|Originally manufactured in||France|
|Cheese flavor profile||Fresh, mushroom-like, aged: spicy with ammonium notes|
|Milk type||Cow's milk cheese|
|Cheese type||Soft cheese|
It originated in Normandy, France. It has existed there since at least 1860, and the construction of the railroad between Paris and Alençon in 1862 allowed the soft cheese to spread outside the region. The fame of Camembert then increased considerably thanks to Napoleon III. He put the cheese on the imperial wooden table and made it known to his state guests. He himself got to know the cheese during a visit to Argentan, a commune in Normandy, where Thomas Paynel, son-in-law of Marie Harel, had given him the cheese to taste. Napoleon was so enthusiastic that he had it delivered regularly to his palace, Palais des Tuileries.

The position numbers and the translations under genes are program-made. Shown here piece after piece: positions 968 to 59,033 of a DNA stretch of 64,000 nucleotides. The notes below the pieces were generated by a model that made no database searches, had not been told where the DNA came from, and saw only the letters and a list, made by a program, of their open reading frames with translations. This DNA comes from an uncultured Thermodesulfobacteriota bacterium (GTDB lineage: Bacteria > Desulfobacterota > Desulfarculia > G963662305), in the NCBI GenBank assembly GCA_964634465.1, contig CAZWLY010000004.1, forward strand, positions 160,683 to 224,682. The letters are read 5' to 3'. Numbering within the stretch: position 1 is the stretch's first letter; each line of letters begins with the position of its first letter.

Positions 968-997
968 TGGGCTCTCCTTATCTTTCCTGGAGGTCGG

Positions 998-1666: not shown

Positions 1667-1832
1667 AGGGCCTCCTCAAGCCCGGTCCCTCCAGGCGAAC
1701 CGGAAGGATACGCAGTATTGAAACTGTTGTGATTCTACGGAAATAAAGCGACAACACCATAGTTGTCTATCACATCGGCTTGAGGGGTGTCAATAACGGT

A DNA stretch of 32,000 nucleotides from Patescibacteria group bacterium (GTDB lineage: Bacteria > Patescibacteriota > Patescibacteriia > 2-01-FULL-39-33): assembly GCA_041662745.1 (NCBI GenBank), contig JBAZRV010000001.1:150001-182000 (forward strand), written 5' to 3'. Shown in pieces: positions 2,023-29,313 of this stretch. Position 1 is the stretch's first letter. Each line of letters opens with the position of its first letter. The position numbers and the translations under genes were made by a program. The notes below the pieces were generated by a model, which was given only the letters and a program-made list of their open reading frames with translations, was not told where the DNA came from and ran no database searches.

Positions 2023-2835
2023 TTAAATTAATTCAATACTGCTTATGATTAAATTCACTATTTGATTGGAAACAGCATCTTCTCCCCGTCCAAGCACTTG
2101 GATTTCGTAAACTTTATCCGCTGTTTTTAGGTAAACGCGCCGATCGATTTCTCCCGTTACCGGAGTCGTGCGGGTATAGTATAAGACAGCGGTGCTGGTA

To this day, it is still made in this region from raw milk. If the milk is not pasteurized before processing, the milk in the cheese vat contains a particularly diverse flora. This means that a large number of microorganisms are present. These can be responsible for a unique cheese flavor. But raw milk can also contain pathogens. This is the reason why fresh and soft cheeses in particular are nowadays in most cases heated (pasteurized) before processing. The cheese taste of Camembert can be very different. Especially in France, Camembert is mainly consumed. This means that the consistency of the cheese is almost liquid due to the intense proteolysis. The taste of the cheese could be described as: Pungent, with ammonium notes. In other countries, such as Germany, a typical Camembert flavor is described as smelling like a fresh mushroom. Its surface is covered with a white mold produced by Penicillium Camemberti.